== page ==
6) What are you currently reading for personal enjoyment? And what book would you recommend for a first year teacher?

I am currently reading Wonder and Unbroken for my personal reading pleasure. Asiya Werfa wants me to lead a book club with Wonder. I am excited to work with some of the students at Roxhill again! My mom loved the book Unbroken and I really want to read it for her. Also, my brother’s father-in-law was a prisoner of war in the same camp where this takes place in Japan, so besides the Italian connection, there is a family connection.

Two books: Creating Highly Motivating Classrooms for All Students: A Schoolwide Approach to Powerful Teaching with Diverse Learners by Margery Ginsberg and Teaching with Poverty in Mind by Eric Jensen. There are many more, but those two are what I think of right now.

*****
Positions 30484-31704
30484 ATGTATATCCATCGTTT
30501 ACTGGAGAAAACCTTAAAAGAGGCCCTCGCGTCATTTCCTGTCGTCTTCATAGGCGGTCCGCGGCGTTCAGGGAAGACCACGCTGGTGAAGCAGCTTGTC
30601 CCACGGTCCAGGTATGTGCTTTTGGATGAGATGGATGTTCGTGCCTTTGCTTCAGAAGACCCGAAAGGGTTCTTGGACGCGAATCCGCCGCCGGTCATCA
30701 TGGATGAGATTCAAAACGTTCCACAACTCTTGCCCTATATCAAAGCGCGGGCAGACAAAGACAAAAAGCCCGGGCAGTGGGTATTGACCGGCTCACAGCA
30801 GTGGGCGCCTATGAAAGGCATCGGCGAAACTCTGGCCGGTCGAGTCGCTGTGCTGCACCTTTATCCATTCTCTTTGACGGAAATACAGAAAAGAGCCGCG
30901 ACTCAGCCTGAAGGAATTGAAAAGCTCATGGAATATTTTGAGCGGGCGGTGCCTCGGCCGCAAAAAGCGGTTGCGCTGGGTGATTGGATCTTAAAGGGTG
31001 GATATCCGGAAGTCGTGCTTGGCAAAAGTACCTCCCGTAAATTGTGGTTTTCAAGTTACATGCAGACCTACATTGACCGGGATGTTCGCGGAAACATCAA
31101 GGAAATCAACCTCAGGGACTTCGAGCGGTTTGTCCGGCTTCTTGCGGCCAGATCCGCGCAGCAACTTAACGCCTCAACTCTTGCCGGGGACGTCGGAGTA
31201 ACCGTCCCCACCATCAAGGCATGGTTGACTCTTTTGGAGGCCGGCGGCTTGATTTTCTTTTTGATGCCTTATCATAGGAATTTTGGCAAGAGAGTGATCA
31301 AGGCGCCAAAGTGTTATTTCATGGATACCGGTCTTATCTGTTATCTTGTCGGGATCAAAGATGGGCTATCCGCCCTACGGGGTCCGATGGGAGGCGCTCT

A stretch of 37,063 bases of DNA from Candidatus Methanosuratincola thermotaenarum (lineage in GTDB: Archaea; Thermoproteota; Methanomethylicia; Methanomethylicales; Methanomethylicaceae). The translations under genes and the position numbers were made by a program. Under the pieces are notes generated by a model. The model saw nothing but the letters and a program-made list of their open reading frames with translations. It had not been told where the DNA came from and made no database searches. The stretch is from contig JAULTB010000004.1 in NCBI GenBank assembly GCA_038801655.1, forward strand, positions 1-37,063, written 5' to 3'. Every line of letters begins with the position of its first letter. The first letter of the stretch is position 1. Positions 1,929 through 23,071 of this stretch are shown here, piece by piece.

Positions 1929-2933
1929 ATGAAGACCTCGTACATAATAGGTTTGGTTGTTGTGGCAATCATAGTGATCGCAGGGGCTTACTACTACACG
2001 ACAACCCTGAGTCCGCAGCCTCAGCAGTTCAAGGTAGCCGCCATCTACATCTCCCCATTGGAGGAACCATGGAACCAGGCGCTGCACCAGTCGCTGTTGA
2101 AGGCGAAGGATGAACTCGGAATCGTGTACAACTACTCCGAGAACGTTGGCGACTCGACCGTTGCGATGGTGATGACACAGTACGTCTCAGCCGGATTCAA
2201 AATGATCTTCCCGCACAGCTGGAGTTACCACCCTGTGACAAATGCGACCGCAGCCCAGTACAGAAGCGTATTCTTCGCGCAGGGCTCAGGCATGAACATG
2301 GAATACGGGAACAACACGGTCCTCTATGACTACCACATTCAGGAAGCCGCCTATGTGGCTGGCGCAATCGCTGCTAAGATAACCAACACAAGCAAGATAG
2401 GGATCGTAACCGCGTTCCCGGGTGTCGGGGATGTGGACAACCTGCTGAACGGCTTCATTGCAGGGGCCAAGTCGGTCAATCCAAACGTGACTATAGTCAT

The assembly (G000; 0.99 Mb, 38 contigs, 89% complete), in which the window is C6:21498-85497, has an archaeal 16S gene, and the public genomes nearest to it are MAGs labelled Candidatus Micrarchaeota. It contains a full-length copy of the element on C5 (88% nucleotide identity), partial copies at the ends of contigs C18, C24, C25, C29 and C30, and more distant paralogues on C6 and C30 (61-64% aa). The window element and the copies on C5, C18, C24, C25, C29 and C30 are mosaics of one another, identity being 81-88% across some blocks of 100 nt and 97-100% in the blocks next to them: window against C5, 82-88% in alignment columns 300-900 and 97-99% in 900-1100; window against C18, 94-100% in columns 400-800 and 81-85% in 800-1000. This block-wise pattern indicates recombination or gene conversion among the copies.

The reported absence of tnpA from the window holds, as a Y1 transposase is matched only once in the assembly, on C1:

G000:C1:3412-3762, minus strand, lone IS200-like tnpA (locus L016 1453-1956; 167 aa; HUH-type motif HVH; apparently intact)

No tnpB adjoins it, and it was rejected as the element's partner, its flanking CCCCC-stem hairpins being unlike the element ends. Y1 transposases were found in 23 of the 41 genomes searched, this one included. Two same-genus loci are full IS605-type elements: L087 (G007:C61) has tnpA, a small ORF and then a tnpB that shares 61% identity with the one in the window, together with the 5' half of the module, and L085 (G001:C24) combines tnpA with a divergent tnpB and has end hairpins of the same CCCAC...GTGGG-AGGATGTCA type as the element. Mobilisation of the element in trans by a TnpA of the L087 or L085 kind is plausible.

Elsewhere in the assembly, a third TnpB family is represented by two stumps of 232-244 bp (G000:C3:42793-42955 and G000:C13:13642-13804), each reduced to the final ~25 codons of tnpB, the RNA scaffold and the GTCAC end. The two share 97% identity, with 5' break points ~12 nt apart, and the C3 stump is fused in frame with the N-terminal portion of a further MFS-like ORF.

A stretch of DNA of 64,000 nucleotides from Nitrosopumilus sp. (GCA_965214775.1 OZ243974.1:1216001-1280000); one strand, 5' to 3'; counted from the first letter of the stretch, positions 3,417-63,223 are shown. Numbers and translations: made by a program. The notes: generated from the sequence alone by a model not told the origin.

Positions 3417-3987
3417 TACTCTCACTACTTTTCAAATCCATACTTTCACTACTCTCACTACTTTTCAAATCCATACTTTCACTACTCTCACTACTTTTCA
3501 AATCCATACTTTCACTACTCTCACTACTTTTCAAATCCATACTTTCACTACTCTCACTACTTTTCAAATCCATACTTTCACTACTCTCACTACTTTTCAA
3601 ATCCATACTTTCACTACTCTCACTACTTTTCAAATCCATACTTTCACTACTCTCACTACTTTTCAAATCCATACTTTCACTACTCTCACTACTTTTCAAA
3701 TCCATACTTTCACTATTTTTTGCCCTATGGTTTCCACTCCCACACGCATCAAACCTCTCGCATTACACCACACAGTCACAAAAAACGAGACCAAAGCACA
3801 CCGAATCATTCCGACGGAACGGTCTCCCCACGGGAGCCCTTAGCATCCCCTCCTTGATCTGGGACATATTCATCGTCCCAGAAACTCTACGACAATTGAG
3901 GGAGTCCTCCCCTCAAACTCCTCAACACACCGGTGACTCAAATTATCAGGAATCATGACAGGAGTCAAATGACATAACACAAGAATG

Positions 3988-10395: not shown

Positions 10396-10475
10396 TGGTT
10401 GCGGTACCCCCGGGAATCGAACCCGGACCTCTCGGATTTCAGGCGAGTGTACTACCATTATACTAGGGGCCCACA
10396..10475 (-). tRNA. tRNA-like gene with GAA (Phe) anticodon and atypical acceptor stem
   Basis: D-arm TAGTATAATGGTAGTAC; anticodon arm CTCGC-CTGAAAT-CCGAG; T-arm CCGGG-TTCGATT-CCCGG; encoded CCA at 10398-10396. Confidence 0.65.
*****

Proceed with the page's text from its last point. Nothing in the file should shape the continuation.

7) How do you gain institutional knowledge about a school, district or city office that you are tasked to lead? How do you join that community and learn about its history?

Another insightful and great question that comes with complex and yet simple answers. Listen, learn, and engage. All this implies that I am going to ask lots of questions and immerse myself in as much as I can. It will mean going to the local grocery store and hanging out with books and art supplies so that families can stop by to visit and I can meet all their family. Maybe they will sit with me as we read a book; maybe they will leave their child with me as we read a book; maybe they will just look at me and gradually come to trust that I care about them. I will go to the housing complexes in my area and one night a month, hold a time when I invite children to come to read and do projects associated with the reading. I will invite families to talk about their own experiences in school, what they hope for and want for their children (it is to be happy and successful) and what does the school need to do to help them. I will go to businesses, walk the neighborhood, talk to the local law enforcement, talk with social service agencies and parks, and church leaders.